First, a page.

What to do.... what to do..?

Like Serge said.  Now is a good time to hold assets but it is real tough to buy.  I have looked to the point that I am about ready to give up.

That makes sense @Serge S. . So I guess the moral of the story is the bigger you get the harder it can be to trade up, especially when the whole world is chasing yield. I'm operating in the 2-4 unit space right now so it's much easier to find the occasional mispriced asset that the "big money" is overlooking. I'm not competing with foreign investors, syndicates, insurance companies, or pension funds. And yet a lot of small time retail investors seem to be more focused on SFR's for whatever reason. Either I've found the sweet spot or I'm missing something that everybody else knows.

Originally posted by @Brent Seehusen :

That makes sense @Serge S. .  So I guess the moral of the story is the bigger you get the harder it can be to trade up, especially when the whole world is chasing yield. 

 Not true at all.  The moral of the story is to play the cycles aggressively.  Go "all in" on the down cycles!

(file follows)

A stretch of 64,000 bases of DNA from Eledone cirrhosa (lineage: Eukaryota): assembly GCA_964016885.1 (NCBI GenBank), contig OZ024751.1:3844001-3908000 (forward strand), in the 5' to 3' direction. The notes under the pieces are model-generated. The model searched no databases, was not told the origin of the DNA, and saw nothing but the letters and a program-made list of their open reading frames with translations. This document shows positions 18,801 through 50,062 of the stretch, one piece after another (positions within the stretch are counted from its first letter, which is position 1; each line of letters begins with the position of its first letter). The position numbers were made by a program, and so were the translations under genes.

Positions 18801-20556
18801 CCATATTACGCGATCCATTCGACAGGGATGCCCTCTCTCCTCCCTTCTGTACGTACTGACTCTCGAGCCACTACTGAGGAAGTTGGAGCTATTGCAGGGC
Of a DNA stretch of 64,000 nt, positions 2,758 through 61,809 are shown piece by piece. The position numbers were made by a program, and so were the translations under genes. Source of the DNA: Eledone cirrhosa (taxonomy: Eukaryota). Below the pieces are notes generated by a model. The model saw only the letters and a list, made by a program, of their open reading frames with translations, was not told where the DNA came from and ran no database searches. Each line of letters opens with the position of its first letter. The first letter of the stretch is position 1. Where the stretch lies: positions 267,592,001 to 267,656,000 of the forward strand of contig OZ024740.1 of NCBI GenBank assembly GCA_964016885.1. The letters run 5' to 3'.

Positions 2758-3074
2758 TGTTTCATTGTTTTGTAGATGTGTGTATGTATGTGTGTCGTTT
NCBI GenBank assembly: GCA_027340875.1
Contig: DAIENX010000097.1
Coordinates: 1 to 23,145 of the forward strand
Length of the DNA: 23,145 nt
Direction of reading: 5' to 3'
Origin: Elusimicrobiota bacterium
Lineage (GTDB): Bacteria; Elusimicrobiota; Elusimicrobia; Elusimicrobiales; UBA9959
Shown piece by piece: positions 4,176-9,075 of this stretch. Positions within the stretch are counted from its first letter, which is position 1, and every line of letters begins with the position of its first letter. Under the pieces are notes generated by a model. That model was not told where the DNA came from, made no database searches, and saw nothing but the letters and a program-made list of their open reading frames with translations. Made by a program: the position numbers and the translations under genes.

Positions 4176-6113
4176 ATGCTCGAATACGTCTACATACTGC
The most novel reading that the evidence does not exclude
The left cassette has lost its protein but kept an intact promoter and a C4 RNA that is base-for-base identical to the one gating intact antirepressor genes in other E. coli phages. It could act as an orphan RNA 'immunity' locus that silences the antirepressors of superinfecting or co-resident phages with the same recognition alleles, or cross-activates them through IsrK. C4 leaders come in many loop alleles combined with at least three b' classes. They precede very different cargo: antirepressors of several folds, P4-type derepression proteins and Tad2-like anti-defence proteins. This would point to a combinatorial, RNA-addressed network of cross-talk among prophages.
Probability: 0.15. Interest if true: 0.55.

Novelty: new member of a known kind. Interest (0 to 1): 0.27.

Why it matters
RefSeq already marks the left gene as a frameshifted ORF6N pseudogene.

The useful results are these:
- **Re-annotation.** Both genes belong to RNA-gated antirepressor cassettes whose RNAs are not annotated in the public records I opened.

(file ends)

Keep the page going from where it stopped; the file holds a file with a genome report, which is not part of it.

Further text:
Originally posted by @Steve Olafson :
Originally posted by @Brent Seehusen:

That makes sense @Serge S. .  So I guess the moral of the story is the bigger you get the harder it can be to trade up, especially when the whole world is chasing yield. 

 Not true at all.  The moral of the story is to play the cycles aggressively.  Go "all in" on the down cycles!

I completely agree with you there.  My reason for jumping into this thread was because I thought selling near the top was also part of playing the cycle, but I can see now how that can be difficult.  

My strategy right now is to load up on cash flow assets while debt is cheap and shift back to "appreciation" assets when coastal CA has its next downturn.  A lot of people are talking like RE will never go down again and 2009-2012 was the one and only opportunity to invest.  I don't buy it.  California has a downturn about once every 10-12 years.  I'll have my powder ready, but in the meantime I intend to acquire cash flowing assets.

@Brent Seehusen

There is more that one way to play the cycles.  I am still holding assets for cashflow.  I am also refinancing those on 10 year money as we speak.  But I did sell off a number of properties and did not place all of that money.  So, I am sitting on cashflow AND cash.  What could be better?